SA records over 1,600 new COVID-19 cases, recovery rate stands at 95%
The health department has also recorded 1,637 new COVID-19 cases and 71 new COVID-19 related fatalities in the past 24-hour cycle.
JOHANNESBURG – The health department has reported the deaths of 71 more people due to COVID-19 related complications. This means, to date, 54, 066 people have succumbed to the virus since the beginning of the pandemic.
The health department has also recorded 1,637 new COVID-19 cases in the past 24-hour cycle, which brought the known caseload to 1,572,985.
The recovery rate in South Africa still stood at 95%, which meant over 1,499,000 people have recuperated from the virus.
Earlier this week, renowned vaccinologist Shabir Madhi has urged government to speed up its mass inoculation programme.
Madhi said South Africa was among the top 10 to 15 countries with the highest mortality rate.
However, he does not think this was avoidable.
He said the country had performed reasonably well in response to the pandemic and would give it a score of 6 to 7 out of 10.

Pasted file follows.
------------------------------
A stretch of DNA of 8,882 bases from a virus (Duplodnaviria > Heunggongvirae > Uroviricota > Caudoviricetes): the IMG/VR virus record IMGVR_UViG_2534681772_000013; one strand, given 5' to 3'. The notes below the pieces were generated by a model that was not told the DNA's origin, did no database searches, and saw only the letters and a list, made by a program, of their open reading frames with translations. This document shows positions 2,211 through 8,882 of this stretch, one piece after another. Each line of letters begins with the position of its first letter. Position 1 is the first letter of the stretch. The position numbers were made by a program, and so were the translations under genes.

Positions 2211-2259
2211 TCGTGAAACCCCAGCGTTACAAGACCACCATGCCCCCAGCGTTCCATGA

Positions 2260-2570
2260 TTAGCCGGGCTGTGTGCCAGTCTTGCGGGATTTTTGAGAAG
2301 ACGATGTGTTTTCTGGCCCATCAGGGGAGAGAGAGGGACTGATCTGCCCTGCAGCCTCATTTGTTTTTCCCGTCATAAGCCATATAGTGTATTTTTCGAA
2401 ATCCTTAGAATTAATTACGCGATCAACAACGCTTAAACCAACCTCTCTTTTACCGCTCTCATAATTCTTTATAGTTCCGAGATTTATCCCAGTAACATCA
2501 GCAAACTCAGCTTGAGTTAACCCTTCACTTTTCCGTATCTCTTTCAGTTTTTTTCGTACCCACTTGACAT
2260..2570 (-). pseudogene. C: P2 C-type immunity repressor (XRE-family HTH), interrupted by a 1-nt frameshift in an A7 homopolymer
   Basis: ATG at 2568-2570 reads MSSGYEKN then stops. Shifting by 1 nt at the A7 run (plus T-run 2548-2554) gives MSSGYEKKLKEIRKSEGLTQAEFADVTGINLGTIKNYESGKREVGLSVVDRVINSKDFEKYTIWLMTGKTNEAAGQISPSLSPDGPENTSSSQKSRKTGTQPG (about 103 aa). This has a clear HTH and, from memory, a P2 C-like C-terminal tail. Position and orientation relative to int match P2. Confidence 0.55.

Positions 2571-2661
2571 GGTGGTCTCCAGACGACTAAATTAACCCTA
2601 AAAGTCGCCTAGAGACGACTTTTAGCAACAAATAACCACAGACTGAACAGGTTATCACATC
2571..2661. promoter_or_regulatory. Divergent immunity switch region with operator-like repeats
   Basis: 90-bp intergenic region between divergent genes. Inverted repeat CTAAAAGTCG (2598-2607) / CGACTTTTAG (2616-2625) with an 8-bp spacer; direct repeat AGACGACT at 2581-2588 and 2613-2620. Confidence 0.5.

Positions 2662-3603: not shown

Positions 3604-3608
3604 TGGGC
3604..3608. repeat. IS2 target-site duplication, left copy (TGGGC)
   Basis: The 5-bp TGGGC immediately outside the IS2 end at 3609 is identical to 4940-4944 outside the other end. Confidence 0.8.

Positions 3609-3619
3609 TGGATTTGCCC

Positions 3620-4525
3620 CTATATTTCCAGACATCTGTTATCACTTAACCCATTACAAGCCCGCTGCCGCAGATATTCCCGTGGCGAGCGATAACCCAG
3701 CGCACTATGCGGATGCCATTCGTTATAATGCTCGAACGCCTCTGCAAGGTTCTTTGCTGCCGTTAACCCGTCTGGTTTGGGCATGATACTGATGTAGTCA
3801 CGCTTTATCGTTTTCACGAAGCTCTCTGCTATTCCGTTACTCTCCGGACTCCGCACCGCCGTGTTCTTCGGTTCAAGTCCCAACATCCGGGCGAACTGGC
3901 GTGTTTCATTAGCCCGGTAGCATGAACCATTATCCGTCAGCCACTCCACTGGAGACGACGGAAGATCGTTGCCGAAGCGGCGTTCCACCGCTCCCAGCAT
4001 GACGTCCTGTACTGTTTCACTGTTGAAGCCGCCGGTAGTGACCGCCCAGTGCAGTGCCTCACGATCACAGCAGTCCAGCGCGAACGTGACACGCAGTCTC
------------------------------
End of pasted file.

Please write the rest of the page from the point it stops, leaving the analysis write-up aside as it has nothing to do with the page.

“I think it was always naïve of us to think we were going to contain the spread of the virus given our socio-economic conditions.”
However, he said where the country was falling short was in the actual rollout of COVID-19 vaccines.
WATCH: Madhi: SA's COVID response was decent, but vaccine rollout a disaster
Meanwhile, cabinet welcomed a recommendation by the South African Health Products Regulatory Authority (SAHPRA) to resume the use of the Johnson and Johnson vaccine.
The rollout to healthcare workers as part of the Sisonke Vaccination Programme was suspended due to fears over rare cases of blood clots in recipients in the US.
At a post-Cabinet meeting briefing on Thursday, acting minister in the Presidency Khumbudzo Ntshavheni said the lifting of the suspension would be announced soon.
Ntshavheni said the latest development came as the country prepared to take delivery of one million more doses of the Johnson & Johnson vaccine.
She said the lifting of its rollout suspension would be officially announced by the Department of Health.
Additional reporting by Kaylynn Palm & Babalo Ndenze